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FASEB J. 1998 Oct;12(13):1409-17.

Putative susceptibility markers of coronary artery disease: association between VDR genotype, smoking, and aromatic DNA adduct levels in human right atrial tissue.

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Department of Health Risk Analysis and Toxicology, Maastricht University, 6200 MD Maastricht, The Netherlands.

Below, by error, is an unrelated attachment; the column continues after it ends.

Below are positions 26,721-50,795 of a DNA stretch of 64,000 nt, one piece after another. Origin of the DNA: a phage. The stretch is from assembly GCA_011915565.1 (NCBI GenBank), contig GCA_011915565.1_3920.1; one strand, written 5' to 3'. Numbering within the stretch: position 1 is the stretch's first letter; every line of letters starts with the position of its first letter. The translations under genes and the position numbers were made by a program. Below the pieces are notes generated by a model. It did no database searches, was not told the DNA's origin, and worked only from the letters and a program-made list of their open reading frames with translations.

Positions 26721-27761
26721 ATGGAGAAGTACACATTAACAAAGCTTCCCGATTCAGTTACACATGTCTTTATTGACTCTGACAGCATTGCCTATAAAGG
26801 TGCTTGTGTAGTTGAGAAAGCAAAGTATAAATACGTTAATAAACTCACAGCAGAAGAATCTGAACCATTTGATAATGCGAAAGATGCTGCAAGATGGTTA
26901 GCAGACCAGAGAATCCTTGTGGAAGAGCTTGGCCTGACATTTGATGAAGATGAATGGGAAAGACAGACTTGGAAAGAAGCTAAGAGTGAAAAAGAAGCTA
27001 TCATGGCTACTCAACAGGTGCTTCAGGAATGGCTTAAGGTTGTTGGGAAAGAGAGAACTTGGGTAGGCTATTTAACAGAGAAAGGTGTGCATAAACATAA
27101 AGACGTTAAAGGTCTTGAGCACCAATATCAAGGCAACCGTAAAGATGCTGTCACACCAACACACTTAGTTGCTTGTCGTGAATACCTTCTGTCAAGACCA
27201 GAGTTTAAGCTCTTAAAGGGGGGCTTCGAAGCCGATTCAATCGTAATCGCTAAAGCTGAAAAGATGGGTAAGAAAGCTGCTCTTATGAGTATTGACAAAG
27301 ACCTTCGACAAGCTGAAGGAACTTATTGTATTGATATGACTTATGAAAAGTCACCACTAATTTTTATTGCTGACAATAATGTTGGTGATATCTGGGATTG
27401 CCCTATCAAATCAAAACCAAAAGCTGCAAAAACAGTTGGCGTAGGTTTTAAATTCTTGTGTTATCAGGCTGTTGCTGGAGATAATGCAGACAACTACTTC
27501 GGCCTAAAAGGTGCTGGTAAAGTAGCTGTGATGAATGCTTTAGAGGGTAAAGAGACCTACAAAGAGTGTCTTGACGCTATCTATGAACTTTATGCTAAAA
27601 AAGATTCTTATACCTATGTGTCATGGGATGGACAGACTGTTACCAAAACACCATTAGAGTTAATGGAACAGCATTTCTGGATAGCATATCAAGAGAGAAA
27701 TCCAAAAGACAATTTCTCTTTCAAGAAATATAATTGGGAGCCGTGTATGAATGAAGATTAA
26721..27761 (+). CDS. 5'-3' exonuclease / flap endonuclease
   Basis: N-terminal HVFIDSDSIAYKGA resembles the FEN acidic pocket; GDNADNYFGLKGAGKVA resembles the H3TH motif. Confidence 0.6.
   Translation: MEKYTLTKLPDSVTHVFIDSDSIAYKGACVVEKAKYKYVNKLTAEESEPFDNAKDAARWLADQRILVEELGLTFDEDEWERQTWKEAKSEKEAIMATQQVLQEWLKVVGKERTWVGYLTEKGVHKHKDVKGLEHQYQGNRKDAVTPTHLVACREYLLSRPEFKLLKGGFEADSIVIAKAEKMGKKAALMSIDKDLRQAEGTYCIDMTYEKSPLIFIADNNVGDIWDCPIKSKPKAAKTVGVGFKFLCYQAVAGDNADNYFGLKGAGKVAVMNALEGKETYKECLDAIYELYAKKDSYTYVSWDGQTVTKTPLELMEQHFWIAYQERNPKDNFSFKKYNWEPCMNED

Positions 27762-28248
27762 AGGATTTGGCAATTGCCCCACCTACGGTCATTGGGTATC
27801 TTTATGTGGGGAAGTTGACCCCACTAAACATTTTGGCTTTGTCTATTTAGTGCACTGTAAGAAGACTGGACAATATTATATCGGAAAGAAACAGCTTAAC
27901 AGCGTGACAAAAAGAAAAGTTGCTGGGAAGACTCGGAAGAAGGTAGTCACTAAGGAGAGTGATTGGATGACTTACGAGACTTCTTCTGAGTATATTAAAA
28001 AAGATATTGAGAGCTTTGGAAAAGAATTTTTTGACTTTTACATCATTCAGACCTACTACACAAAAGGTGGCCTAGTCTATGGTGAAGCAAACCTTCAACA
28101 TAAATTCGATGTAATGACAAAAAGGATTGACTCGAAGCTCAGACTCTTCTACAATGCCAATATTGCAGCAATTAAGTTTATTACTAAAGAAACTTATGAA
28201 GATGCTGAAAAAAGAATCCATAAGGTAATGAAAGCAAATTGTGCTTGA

Cancer and cardiovascular diseases share risk factors such as smoking, and the onset of both diseases have been suggested to have a common mechanistic basis. The binding of carcinogens to DNA (carcinogen-DNA adducts), genetic polymorphisms in carcinogen-detoxifying enzymes glutathione S-transferases (GSTs), and genetic polymorphisms in the vitamin D receptor (VDR) are among the candidates for modifiers of cancer risk. We determined whether these biomarkers could be related to individual characteristics of patients suffering from cardiovascular diseases. For that purpose, DNA from the right atrial appendage of 41 patients who underwent open heart surgery was analyzed for smoking-related DNA adducts and polymorphisms in GSTM1, GSTT1, and VDR genes. Statistical analysis was used to identify any patient's characteristics associated with these molecular markers. Our results showed that heart tissue of cigarette smokers contained a variety of aromatic DNA adducts in significantly elevated levels compared to ex-smokers (P<0.01) or nonsmokers (P<0.001). A linear relationship was observed between DNA adduct levels and daily cigarette smoking (rs=0.73; P=0.0003). Since cardiac myocytes are terminally differentiated cells that have lost their ability to divide and seemingly have limited DNA repair capacities, their levels might accumulate with time and thereby affect heart cell function or viability. Substantial interindividual differences between DNA adduct levels were observed, and persons with severe coronary artery disease (CAD), as assessed by coronary angiography, had higher DNA adduct levels than persons with no or mild CAD (P=0.04). As polymorphisms in GST genes have been shown to modulate DNA adduct levels and risk for lung cancer in smokers, we explored for the first time whether the GST polymorphisms could also explain deviating heart DNA adduct levels and CAD risk. However, no relation could be found between these covariants. In contrast, a VDR genotype, which has been associated with decreased serum levels of the active hormonal form of vitamin D and increased risk for certain cancers, seemed to be related to severity of CAD (P=0.025). Our findings support the hypothesis that smoking-related DNA damage may be involved in the onset of cardiovascular diseases and suggest that VDR genotype may be a useful susceptibility marker of CAD.

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